The South Carolina agency that handles minor offenders under age 18 is changing how it punishes teens for any wrongdoing they commit once they are in jail.
The state Department of Juvenile Justice (DJJ) has begun a process where the youth will meet with their victims and negotiate their punishment. The agency’s Director of Restorative Justice Andy Broughton says the agency is trying to move away from simply locking up offenders in isolation.
“So, what happens now when they violate a rule inside the institution… they’re going to meet with the officer or whoever they offended and they’re going to have to propose some sanctions… or things they’ll do to make up for it,” Broughton told South Carolina Radio Network, “It’s going to hold them much more accountable for their actions.”
The idea uses a framework known as Balance and Restorative Justice, or “BARJ.” Broughton says DJJ has been using the idea successfully for several years to bring together young offenders and their victims in the larger community. He said South Carolina began expanding the concept in January to include juveniles living in its facilities. While other states use the BARJ principles, few apply it to their detention centers, Broughton said.
It’s up to the victim if they want to go forward with the dialogue.
Broughton said this new concept is a radically different way to deal with troublesome teens in DJJ. “In our history (a DJJ detention center) has always been a punitive place,” he said Tuesday, “But this is totally taking away that punitive mindset and turning it into holding you accountable for what you have done by having you face up to what you do in here.”
The idea is to have a young offender meet with the “victim,” whether it is a DJJ guard or staffer or another teen. The offender will then promise to come up with a punishment and the victim will have the option of accepting or refusing that punishment.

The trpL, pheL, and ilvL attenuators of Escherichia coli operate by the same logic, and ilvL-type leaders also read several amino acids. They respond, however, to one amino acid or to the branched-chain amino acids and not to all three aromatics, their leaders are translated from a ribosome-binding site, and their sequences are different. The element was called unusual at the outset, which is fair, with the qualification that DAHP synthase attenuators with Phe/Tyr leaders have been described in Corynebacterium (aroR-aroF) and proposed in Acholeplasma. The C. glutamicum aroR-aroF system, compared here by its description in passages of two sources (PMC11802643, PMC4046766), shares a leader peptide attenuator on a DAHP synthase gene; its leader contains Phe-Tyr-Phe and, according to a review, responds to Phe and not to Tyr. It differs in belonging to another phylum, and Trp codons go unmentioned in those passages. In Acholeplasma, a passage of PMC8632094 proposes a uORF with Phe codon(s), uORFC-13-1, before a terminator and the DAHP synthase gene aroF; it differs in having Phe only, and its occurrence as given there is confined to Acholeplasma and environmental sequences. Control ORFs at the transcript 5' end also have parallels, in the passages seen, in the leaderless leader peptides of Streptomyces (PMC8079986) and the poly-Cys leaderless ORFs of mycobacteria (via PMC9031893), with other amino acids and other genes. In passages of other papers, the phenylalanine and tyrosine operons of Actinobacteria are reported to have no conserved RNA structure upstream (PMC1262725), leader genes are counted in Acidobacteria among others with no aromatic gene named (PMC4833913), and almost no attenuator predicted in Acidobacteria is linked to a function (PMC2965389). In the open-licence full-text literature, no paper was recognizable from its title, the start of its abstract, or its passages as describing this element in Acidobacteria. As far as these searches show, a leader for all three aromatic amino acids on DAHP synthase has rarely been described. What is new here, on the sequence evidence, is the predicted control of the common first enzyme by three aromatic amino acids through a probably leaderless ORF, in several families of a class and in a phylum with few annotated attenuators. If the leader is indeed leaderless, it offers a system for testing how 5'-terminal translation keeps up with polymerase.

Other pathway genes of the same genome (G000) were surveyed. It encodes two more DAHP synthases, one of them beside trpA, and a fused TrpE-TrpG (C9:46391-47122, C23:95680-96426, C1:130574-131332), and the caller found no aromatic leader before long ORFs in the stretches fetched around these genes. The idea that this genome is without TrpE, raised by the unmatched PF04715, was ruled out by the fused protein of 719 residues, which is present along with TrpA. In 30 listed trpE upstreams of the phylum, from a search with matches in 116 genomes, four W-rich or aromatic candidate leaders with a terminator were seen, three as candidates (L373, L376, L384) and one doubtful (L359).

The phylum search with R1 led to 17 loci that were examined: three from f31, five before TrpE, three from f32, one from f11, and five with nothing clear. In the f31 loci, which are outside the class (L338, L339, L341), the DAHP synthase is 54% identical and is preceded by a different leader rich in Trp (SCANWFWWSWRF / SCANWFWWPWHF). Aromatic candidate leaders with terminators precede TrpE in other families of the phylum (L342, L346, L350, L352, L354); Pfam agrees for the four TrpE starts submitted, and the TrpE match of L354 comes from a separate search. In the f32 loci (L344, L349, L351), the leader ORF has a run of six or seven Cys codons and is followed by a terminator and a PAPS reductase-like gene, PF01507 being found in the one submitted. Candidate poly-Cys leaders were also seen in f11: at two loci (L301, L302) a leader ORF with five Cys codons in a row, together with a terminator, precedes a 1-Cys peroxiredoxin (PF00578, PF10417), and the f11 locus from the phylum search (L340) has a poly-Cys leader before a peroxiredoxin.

For example, a teen who assaults a staff member would normally be required to spend time in isolation. Under the BARJ system, an offending teen would meet in a conference with their victim. After that conference, the teen would consult with a counselor and come up with possible “sanctions” (which could include extra work duties, earlier bedtime, an apology letter, etc.). The assaulted staffer would then say “yes” or “no” to the proposed punishment. If no, the offender would have to come up with a new punishment.
The same would be true if the victim were another juvenile, Broughton said.
Only those juveniles who are considered “calm, cooperative, and safe” would be able to participate. Broughton said the agency would monitor the progress of its young offenders to see if the BARJ principles are working. Some of its data would also include the number of second offenses, time period between them, and number of repeat offenses (committing same violation or crime multiple times, rather than committing different ones).